In support of Breast Cancer Awareness Month Spinelli Kilcollin is excited to debut the Pink Collection, an exclusive grouping of one of a kind pieces. Unified in their pink hue, ten percent of proceeds from the sale of these pieces will go directly to The Breast Cancer Research Foundation.
We have been inspired and amazed by the strength of the women in our lives this year. And now more than ever and we would like to take the month of October, and every month, to channel our attention to causes that directly impact the physical, spiritual and financial well being of women everywhere. In support of Breast Cancer Awareness Month we would like to take this entry to celebrate Jessica Shantha, a member of our Spinelli family, breast cancer survivor, and physician. We found it important to share her story in order to bring awareness to the risk cancer poses to young women, who are often less likely to perform self exams, and to celebrate her incredible spirit and accomplishments.
As a response to completing breast cancer treatment Jessica worked with our team to create a custom rose gold ring with light pink sapphires. For Jessica the ring symbolizes her experience; it is a constant reminder of where she has been and represents the continuum of life. It is a way to advocate for breast cancer as people inquire about this unique piece.
There are very few things that can bring your life to a complete halt. I was 34 years old, living an active lifestyle, with an academic career as an ophthalmologist. Weeks earlier I had found a small lump within my right breast, something I had noticed and immediately went to have it evaluated by my primary care physician. This led to a mammogram, an ultrasound, and even a biopsy. I thought it would stop there, but I had no idea what laid ahead. With just one call from my doctor, my life was forever changed: “You have breast cancer.”
I entered an unfamiliar world immediately confronted with my own mortality. I did not feel sick nor did I identify with all the images of what cancer looked like in my own mind. Being a physician myself did not prepare me for the road ahead; nothing could.
After the final biopsy results and multiple scans, I was diagnosed with stage 2 triple negative breast cancer-an aggressive disease, that requires intense chemotherapy for 5 months, followed by surgery. The first two months of chemotherapy were a blur. I would receive treatments every two weeks, but for a week following infusions I was struck with fatigue and complete loss of appetite. It was a struggle, I never felt so alone although constantly surrounded by family and friends. I slowly watched my body change as my hair started to fall out and I experienced constant hot flashes and insomnia. I lost myself and my identity as the weeks passed, living a life completely unrecognizable.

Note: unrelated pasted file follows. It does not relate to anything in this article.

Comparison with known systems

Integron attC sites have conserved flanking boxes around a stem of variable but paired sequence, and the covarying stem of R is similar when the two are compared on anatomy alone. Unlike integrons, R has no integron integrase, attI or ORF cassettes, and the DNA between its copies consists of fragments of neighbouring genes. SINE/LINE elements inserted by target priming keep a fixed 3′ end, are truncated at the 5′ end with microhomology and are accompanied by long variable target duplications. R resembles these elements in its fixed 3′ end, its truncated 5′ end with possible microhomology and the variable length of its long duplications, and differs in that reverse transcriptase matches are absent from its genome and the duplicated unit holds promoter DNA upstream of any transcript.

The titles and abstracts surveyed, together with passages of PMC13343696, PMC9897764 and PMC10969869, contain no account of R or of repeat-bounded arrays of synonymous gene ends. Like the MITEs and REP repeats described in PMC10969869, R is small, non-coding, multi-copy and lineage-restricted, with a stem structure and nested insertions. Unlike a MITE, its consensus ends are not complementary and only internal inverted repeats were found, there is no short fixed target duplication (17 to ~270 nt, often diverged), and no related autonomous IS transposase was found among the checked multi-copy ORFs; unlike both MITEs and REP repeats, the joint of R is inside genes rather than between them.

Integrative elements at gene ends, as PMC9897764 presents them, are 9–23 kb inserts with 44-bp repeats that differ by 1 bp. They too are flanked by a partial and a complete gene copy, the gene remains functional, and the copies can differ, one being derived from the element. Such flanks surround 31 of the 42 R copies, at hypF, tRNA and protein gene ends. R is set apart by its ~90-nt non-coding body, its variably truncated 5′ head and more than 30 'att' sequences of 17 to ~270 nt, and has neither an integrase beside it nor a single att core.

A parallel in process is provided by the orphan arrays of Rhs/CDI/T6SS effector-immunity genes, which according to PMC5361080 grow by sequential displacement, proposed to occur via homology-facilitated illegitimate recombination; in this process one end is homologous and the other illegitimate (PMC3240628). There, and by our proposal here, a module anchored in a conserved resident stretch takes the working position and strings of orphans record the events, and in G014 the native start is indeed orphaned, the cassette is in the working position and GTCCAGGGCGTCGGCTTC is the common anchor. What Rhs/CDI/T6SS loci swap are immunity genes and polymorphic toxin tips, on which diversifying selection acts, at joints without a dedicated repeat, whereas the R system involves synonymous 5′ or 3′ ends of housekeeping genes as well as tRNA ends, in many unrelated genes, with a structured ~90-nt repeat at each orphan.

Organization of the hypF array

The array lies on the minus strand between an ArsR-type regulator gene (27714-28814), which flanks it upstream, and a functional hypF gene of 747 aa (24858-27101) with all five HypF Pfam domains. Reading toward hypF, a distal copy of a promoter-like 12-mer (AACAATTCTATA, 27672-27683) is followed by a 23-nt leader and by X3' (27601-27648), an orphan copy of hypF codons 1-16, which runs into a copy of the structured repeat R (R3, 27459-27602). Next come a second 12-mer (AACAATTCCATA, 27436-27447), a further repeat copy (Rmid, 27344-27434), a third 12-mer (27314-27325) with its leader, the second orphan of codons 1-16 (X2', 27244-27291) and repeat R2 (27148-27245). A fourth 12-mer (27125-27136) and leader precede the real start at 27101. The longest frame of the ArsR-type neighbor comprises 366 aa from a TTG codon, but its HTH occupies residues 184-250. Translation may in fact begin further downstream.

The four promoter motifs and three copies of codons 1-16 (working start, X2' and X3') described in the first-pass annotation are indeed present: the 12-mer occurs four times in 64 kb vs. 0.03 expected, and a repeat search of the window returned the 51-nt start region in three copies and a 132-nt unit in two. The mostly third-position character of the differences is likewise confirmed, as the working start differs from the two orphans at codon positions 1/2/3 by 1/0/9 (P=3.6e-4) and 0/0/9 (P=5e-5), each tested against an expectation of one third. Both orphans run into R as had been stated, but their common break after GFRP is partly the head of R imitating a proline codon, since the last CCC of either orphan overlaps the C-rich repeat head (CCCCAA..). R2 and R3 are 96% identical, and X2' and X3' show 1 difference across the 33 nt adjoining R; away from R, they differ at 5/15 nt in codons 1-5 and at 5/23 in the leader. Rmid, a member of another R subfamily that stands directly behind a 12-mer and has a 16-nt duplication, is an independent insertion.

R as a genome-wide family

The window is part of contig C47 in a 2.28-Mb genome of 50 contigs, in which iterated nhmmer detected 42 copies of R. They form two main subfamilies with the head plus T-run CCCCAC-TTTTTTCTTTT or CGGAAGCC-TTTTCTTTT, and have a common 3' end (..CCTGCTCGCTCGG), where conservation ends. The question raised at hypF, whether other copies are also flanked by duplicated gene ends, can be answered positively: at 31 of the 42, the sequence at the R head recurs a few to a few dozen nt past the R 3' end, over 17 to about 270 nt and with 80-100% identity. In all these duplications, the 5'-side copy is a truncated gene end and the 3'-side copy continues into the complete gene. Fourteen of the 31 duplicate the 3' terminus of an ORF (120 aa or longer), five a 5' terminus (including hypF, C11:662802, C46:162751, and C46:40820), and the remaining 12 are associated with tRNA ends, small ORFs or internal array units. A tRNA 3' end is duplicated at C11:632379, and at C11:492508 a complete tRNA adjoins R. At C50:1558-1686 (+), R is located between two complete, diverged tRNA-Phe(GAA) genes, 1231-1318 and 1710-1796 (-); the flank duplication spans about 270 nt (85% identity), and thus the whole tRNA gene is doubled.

It all happened so fast. Like a tree hit by a tornado, and I had become uprooted. To make sense of everything I was experiencing I began therapy with a yoga therapist. This caused a complete paradigm shift in my ability to comprehend my current life. I remember our first session so clearly, as I walked into her space, it was like being in a vacuum where everything and everyone were not present, I was no longer a person with cancer, just a person.
As months passed, I began to learn so many things about myself and the meaning of our very existence. I started to truly listen to my body through deep breathing and meditation. It gave me the ability to let go of the images of my previous life. I became ok with the uncertainty and loss of control that was taking place as I was living in a liminal space. The trees became a positive metaphor for human life: deeply rooted and grounded in the earth, strong, and adapting to change as the seasons turned.
Through cancer I was able to find my true self, this internal being that is deep inside of us all like the depths of the blue ocean untouched by the waves rolling over us. I emerge a more resilient person with new energy and purpose, believing that there is a life force that will send us in the right direction.
Words by Jessica Shantha